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Bio-engineered lung transplanted into a pig for the first time

The first ever successful organ transplant was performed in 1954 when a living donor gave a kidney to his identical twin. Liver, heart and pancreas transplants were successfully performed by the late 1960s, while lung and intestinal organ transplant procedures were begun in the 1980s. Since then the world of transplantation has been rapidly growing – much like the lungs grown by researchers at the University of Texas Medical Branch. The ability to cultivate organs will allow for the issues that come together with transplantation such as finding organ donors and organ rejection to be minimised.

A team of researchers used a lung from a pig as a scaffold to build viable lungs for an unrelated pig. The donated lung was made into a scaffold of proteins by eliminating all blood and cells using a sugar and detergent mixture. In humans, researchers envision using 3D printing made-to-fit lung scaffolding. The scaffold was placed into a tank filled with nutrients. Scaffolds were repopulated with blood vessels and lung tissue cells from the recipient pig allowing bio-engineering of the structure.

Since then the world of transplantation has been rapidly growing – much like the lungs grown by researchers at the University of Texas Medical Branch

After 30 days of growth, the lungs were transplanted with no signs of rejection, even without using immunosuppressants. The aim of the study was to assess how well the bioengineered lungs adapted and continued to mature within a large organism. After just two weeks the bio-engineered lung has integrated itself into the blood system and had become colonised by the bacteria that make up the natural lung biome. “It’s fantastic – it looks great up to two months, because without getting to two months, there will be no longer-term studies,” said Professor John Hunt from Nottingham Trent University. He added that the result was “a wonderful result and motivator that we’re working on the right things and heading in the right direction”.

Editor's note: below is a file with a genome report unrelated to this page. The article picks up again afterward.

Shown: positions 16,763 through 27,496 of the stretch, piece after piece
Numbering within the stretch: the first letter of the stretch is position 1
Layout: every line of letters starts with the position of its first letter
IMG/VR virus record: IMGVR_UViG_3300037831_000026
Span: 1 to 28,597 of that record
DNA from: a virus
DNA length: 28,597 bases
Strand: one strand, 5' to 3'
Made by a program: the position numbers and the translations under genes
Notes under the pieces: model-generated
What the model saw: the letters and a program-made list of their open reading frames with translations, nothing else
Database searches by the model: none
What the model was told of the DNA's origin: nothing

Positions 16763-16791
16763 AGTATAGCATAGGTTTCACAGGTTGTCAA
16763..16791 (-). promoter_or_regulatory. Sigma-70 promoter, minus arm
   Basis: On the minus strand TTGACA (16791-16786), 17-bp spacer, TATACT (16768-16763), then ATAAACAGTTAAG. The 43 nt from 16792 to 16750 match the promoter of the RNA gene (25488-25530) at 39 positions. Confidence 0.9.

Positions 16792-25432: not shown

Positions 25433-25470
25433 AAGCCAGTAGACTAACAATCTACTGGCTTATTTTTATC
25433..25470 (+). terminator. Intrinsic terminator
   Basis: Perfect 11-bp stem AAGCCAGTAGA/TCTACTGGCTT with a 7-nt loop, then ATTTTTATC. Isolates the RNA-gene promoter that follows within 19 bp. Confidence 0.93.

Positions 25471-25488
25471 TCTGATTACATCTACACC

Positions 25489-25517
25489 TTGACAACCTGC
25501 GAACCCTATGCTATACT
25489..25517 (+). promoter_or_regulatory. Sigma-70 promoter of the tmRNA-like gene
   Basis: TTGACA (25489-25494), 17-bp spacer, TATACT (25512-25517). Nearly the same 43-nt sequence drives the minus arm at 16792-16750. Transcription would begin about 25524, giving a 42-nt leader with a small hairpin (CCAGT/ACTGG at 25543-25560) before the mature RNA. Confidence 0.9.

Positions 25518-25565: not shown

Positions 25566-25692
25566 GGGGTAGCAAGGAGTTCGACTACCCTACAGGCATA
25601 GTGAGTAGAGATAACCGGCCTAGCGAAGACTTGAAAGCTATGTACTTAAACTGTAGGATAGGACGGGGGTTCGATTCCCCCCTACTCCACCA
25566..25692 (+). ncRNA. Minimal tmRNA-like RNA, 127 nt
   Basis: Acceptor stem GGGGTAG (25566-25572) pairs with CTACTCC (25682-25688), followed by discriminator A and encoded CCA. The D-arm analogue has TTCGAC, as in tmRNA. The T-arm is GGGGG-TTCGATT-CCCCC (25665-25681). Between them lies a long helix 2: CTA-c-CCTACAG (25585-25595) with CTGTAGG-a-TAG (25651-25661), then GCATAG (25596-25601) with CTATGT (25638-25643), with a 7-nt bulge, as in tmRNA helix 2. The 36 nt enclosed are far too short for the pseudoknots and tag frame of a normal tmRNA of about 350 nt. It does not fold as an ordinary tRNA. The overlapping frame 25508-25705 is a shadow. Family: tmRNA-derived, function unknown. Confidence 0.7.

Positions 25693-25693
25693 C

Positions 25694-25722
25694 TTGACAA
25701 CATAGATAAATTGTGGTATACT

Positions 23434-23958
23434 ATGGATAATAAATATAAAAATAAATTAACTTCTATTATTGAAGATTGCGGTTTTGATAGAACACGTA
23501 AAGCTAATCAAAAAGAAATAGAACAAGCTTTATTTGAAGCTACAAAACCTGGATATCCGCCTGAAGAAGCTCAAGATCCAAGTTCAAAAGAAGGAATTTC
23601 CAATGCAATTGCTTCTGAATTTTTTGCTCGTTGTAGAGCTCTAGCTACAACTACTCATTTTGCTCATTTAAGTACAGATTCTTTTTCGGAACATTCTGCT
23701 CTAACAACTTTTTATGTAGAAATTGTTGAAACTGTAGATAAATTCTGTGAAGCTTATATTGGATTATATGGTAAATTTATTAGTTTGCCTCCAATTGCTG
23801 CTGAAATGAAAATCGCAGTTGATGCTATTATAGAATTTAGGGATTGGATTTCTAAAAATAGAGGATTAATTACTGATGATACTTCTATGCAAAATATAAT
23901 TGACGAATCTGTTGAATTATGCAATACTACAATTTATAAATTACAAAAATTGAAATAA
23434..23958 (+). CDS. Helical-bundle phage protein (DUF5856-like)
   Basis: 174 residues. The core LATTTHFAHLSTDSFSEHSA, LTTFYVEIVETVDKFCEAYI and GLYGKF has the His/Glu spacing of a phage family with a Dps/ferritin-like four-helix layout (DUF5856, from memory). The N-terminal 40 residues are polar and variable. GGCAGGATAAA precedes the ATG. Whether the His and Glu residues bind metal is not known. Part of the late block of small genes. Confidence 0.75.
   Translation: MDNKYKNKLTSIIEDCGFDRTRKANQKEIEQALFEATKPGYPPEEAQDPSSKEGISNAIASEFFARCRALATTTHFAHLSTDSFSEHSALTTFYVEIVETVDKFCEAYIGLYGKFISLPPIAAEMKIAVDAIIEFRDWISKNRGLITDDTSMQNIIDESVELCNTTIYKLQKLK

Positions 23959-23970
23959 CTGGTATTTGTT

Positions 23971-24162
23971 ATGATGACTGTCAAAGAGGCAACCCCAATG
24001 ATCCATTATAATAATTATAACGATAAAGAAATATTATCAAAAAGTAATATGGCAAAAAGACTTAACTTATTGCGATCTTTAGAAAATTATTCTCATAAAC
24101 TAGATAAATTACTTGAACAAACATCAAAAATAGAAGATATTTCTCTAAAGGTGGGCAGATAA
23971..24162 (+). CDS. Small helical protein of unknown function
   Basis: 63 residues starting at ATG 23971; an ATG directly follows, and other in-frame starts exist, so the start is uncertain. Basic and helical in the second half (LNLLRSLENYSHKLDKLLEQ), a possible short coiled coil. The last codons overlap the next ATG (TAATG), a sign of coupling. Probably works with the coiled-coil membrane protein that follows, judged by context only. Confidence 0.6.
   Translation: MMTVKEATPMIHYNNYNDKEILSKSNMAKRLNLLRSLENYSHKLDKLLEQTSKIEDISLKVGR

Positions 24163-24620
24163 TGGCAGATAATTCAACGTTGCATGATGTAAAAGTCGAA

Months after the procedure, still no apparent medical complications were reported. The inability to produce microvasculature networks is a fundamental problem facing the field of tissue engineering. As seen in previous efforts involving rodents which failed within hours of transplantation since complex blood vessel networks necessary for long-term survival were unable to form. With this study, therefore, showing significant improvement since the lung became well vascularised as early as two weeks after transplant, and formation of alveolar tissue was observed in all animals.

After just two weeks the bio-engineered lung has integrated itself into the blood system and had become colonised by the bacteria that make up the natural lung biome

Whilst all of the above is very promising these lab-grown lungs aren’t quite ready for prime time, according to Laura Niklason, a biomedical engineer at Yale University. Although the bio-engineered lungs link up with the pig’s circulatory system, they do not connect to its pulmonary arteries meaning that the pig is relying on its natural lungs. “The next step is hooking the organ up to the pulmonary artery” to ensure that bio-engineered lungs get oxygen into the blood as well as normal lungs, Niklason says.

From this technique arises the possibility to respond to the shortage of organs for transplant in the future. Of course, further exploration of the application to humans is necessary. However, the researchers are hopeful that it may be possible to grow lungs to transplant into people within five to 10 years. With bio-engineered lungs grown from a patient’s own cells, the risk of organ rejection would be significantly reduced as well as waiting times for organ transplants.

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